Of course, as a pirate in my New Orleans heart, I love the fable of The Flying Dutchman, a ghost ship reputed to have sunk off the tip of South Africa that was piloted by an utterly driven captain from Holland who chased speed in the trade winds in defiance of rough conditions. It is said that for years the crew would exchange letters written a hundred years before to people long dead for supplies at ports around the globe. I mentioned this ghost ship to my nieces, who are avid Scooby Do fans into ghostly things, and a string of pirate stories rise from the oceanic depths whispering to be told. I think I sense a series…
The other moment embedded in this moment is not that big a deal, but there were many people who swim in wet suits in the beach besides The Devil’s Punchbowl. Sometimes the whales are orca, or other whales on whichever seasonal side of the whale migration to the Arctic for summer feasting, and the people diving are in close proximity to the whales. Has anybody been hurt by a whale, Bobby asks? No, though a few dogs have been chomped at, but no people. We see the divers, as the area to wash up is at the public bath here, and I guess I should thank them for preparing the whales for our return. Will we have letters to send to the future, or will we build geodesic domes beneath the pressures of all that water, rocked by the waves that hold our dreams far below the starlight?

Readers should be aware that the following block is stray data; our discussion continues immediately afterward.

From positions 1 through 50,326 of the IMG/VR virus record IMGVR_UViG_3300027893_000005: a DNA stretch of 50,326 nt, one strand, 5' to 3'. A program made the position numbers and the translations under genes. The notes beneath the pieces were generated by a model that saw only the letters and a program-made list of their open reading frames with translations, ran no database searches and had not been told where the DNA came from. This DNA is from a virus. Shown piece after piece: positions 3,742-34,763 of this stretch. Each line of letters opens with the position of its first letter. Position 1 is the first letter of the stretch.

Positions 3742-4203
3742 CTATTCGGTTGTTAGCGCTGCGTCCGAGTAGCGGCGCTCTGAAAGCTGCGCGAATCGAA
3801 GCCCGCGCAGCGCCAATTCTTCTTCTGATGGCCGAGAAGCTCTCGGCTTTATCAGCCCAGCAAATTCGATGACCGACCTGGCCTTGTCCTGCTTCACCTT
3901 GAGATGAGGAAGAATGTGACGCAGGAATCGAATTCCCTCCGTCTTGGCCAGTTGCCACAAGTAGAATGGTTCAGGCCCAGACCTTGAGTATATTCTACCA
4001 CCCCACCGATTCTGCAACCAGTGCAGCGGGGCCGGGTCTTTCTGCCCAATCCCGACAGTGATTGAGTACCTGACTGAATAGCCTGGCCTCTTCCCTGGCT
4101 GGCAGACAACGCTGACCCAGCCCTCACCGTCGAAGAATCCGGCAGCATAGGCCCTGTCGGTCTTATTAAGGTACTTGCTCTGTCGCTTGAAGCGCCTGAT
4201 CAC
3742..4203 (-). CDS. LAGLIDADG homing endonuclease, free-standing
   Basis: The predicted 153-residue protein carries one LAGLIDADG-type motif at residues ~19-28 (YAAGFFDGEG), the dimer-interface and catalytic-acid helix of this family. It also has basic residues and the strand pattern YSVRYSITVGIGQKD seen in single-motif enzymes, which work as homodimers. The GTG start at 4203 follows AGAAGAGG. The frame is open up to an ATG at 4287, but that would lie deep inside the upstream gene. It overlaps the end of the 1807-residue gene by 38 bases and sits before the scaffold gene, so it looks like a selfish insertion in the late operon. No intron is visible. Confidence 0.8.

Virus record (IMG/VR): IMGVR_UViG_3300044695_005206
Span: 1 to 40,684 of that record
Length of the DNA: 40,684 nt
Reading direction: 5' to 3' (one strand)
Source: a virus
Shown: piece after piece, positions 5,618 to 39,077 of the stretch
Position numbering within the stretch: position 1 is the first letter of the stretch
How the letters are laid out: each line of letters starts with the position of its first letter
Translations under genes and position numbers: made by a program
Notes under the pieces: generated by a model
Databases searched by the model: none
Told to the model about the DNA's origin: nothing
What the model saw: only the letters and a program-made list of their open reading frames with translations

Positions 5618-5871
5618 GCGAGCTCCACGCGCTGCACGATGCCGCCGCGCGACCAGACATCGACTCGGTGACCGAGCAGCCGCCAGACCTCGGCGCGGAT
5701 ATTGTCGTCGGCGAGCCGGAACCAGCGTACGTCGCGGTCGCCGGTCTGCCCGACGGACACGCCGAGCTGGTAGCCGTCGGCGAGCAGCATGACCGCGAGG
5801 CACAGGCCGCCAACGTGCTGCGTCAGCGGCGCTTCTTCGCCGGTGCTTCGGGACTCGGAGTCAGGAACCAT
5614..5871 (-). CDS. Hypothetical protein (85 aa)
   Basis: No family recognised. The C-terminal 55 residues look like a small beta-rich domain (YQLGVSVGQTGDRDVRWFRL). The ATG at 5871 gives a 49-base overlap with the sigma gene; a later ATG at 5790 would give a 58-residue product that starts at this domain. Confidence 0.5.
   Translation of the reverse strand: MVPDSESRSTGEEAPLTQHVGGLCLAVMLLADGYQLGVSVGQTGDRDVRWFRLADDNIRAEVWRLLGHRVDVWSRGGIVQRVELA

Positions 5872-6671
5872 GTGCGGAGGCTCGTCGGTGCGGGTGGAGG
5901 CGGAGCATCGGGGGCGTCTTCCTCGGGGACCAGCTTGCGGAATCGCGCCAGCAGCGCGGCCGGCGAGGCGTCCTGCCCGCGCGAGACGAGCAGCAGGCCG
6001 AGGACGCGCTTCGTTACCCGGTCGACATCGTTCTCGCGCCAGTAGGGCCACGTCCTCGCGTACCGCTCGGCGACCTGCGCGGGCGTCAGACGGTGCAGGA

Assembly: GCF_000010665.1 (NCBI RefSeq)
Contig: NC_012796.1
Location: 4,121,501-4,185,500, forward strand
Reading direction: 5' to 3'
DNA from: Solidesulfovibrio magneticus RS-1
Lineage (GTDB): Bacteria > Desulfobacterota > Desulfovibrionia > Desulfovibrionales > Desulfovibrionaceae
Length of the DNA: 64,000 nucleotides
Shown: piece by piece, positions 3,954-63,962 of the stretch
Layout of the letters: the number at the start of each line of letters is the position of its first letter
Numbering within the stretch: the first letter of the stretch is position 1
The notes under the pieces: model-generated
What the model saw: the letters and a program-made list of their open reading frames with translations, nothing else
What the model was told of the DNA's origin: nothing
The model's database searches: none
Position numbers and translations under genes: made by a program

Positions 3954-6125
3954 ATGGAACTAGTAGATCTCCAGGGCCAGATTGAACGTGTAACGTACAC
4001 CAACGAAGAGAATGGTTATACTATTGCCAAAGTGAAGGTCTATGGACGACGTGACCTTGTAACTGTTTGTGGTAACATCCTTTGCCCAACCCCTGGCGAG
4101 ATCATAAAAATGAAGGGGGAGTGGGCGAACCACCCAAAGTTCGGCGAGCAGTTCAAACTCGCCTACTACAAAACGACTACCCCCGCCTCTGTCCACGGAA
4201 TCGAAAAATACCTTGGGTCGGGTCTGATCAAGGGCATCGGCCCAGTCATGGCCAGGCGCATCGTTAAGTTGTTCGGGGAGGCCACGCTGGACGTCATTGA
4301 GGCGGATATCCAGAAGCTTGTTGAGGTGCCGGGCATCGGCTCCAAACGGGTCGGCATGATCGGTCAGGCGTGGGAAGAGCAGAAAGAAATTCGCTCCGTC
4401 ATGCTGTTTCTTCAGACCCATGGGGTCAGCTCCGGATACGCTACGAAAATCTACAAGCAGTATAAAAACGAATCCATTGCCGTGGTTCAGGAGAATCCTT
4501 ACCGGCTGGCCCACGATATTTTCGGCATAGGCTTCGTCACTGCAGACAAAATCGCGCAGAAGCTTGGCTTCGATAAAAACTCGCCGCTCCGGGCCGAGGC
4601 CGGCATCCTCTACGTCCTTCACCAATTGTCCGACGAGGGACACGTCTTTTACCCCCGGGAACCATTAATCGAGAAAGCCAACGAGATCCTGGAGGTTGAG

We are pulling away from this zany Devil’s Punchbowl, and Bobby E spies an old Cadillac, and immediately drops into singing the classic Philly soul song, which sounds like Curtis Mayfield but is in fact by William DeVaughn, and which has been a favorite tune of mine for a long time, with its famous “digging the scene with a gangsta lean…just be thankful for what you’ve got” and the road spills underneath us like a ribbon to mark our place in this fantastic book we are reading about a precious blue dot where whales sang, and people laughed and gave each other hope when the spirits moved them moment to moment by the mile, unexpected places where love was earned by smiles left behind, the road ahead beckoning us to give all we’ve got.
“You may not have a car at all But just remember, brothers and sisters, You can still stand tall, and be thankful for what you’ve got….
Diamond in the back, sunroof down…”